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Westlake Legal Group > News Media (Page 39)

Tonight’s Democratic Debate: What Time Is It and How to Watch

Westlake Legal Group 12WHATTOWATCH-facebookJumbo Tonight’s Democratic Debate: What Time Is It and How to Watch Yang, Andrew (1975- ) Warren, Elizabeth Sanders, Bernard Presidential Election of 2020 Klobuchar, Amy Houston (Tex) Harris, Kamala D Democratic Party Debates (Political) Castro, Julian Buttigieg, Pete (1982- ) Booker, Cory A Biden, Joseph R Jr ABC Inc
  • The debate is 8 p.m. to 11 p.m. Eastern, and you can watch it on ABC and Univision. It is being held in Houston and will also be available on streaming services.

  • Ten Democratic candidates will debate: Former Vice President Joseph R. Biden Jr., Senator Elizabeth Warren, Senator Bernie Sanders, Senator Kamala Harris, Mayor Pete Buttigieg, the entrepreneur Andrew Yang, Senator Cory Booker, former Representative Beto O’Rourke, Senator Amy Klobuchar and former housing secretary Julián Castro.

  • The candidates will have 60-second opening statements, followed by 60 seconds to answer questions from the four moderators: George Stephanopoulos, David Muir, Linsey Davis and Jorge Ramos. There will be no closing statements.

  • The New York Times will have extensive debate coverage, including a live analysis throughout the event by Peter Baker, Maggie Haberman, Astead W. Herndon, Annie Karni, Sydney Ember, all hosted by Lisa Lerer.

Join us for live analysis on debate night. Subscribe to “On Politics,” and we’ll send you a link.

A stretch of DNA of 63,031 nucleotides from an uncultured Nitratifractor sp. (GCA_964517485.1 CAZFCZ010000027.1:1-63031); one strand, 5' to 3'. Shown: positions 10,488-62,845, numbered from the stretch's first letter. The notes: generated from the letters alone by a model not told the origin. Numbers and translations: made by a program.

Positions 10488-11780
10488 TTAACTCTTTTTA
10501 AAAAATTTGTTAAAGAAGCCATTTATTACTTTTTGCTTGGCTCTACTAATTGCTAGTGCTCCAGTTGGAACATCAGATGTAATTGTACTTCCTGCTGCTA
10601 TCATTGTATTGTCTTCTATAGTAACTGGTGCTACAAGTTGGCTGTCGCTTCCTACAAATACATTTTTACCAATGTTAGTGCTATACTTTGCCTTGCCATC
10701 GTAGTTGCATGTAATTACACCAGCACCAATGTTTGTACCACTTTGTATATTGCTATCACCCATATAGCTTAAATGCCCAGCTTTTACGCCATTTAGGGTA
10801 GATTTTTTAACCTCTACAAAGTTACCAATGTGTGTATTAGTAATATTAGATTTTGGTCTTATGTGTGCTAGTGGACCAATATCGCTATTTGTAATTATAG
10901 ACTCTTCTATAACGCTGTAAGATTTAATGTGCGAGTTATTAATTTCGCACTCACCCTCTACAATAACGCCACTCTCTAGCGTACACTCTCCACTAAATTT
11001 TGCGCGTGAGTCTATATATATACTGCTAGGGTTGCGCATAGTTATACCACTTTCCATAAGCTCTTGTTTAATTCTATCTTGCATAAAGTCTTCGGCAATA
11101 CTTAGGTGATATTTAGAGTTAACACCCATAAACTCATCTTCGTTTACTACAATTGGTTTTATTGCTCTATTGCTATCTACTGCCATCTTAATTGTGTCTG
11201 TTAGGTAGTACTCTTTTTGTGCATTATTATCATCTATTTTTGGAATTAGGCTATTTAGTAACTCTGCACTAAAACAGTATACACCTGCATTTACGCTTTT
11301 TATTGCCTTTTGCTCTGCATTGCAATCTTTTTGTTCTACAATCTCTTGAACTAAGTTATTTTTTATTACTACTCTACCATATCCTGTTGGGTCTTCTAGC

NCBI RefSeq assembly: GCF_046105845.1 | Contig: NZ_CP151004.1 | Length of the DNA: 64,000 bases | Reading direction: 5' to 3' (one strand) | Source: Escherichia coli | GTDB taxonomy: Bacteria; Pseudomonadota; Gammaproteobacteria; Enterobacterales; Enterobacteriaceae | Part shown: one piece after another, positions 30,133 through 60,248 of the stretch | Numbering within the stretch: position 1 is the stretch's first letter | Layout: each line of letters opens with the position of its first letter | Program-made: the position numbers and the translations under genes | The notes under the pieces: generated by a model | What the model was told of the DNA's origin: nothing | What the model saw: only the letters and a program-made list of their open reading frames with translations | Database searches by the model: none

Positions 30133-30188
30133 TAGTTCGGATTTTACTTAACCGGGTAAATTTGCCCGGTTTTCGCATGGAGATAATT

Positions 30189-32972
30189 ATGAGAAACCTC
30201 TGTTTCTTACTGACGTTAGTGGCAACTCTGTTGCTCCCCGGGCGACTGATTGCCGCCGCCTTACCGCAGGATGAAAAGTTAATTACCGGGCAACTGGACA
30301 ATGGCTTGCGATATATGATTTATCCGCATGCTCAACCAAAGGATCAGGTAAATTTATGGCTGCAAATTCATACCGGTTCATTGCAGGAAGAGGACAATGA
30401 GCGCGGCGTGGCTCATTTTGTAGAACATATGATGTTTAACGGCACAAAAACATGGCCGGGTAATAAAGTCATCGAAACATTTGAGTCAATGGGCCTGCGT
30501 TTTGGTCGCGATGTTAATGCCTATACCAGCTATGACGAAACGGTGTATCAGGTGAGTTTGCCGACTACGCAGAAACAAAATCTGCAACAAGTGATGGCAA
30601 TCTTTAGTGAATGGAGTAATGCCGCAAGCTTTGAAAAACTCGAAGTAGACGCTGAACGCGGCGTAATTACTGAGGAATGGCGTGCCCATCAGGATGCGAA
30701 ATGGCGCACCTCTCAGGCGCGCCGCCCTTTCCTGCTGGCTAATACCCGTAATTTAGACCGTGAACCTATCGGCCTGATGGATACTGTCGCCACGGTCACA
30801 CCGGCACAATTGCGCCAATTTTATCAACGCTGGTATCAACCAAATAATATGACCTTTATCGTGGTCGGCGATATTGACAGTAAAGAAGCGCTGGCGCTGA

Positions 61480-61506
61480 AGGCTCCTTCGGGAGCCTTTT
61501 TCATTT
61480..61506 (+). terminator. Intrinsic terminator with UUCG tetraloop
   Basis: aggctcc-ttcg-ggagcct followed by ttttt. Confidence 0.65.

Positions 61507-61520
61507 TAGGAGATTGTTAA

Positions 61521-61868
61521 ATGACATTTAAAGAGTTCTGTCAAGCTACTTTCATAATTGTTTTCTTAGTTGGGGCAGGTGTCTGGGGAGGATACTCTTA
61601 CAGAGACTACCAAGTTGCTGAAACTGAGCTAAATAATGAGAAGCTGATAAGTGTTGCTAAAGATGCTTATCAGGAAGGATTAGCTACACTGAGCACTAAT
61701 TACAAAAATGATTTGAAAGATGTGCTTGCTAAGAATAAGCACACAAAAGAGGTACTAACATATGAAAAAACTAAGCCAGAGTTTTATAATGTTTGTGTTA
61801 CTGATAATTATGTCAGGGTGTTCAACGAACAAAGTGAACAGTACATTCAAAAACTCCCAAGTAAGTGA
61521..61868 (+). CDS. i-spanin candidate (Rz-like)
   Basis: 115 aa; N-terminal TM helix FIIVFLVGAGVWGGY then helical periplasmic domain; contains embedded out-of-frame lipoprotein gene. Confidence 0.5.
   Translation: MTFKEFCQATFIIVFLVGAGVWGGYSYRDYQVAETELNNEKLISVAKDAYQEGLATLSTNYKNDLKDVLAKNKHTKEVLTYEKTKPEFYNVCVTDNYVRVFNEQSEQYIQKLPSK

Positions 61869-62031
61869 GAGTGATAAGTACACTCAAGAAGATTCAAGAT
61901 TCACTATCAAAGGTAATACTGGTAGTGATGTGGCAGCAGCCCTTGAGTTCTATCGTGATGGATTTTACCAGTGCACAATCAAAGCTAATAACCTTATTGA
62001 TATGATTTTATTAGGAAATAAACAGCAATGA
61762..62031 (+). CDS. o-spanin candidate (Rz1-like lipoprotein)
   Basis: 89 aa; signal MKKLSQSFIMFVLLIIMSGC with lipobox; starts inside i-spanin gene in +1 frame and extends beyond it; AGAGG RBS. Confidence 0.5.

Quick, name the most substantive discussion of foreign policy you have heard during the nearly 10 hours of debates so far. Struggling? Yes, foreign affairs has played a minimal role so far in the Democratic primary debates but that could change on Thursday night.

In particular, Mr. Sanders has suggested that he wants to differentiate himself on international matters from Mr. Biden, a former chairman of the Senate Foreign Relations Committee, especially focusing on Mr. Biden’s initial support for the Iraq War in 2003.

But there are plenty of international developments for the candidates to weigh in on:

  • President Trump’s plan to invite Taliban leaders to Camp David, before their secret Afghanistan peace talks collapsed.

  • The ouster of John Bolton, the former national security adviser.

  • The turmoil in the British Parliament over Brexit.

  • The pledge by Prime Minister Benjamin Netanyahu of Israel to annex nearly a third of the occupied West Bank.

  • Turkey returning refugees to Syria, and refugees from the Bahamas arriving in Florida.

Like on so many matters, Mr. Biden’s long record leaves openings for his rivals to pick over. But it could also give him gravitas in the eyes of many voters, and an ability to position himself as a steady hand at a moment of turbulence.

Disagreements within the field over what to do on health care — the issue that most Democratic strategists believe propelled the party’s gains in the 2018 midterms — offer some of the clearest fissures in the race.

They are likely to be a major issue of debate on Thursday. One reason for that? Multiple campaigns see political advantage in highlighting their differences.

For Mr. Sanders, whose campaign has adopted the “no middle ground” mantra, his uncompromising push for “Medicare for all” is almost definitional. Of the 10 candidates onstage, only two have unequivocally stated that they support phasing out private insurers from the American marketplace as part of their plan to implement a “Medicare for all” system: Mr. Sanders and Ms. Warren.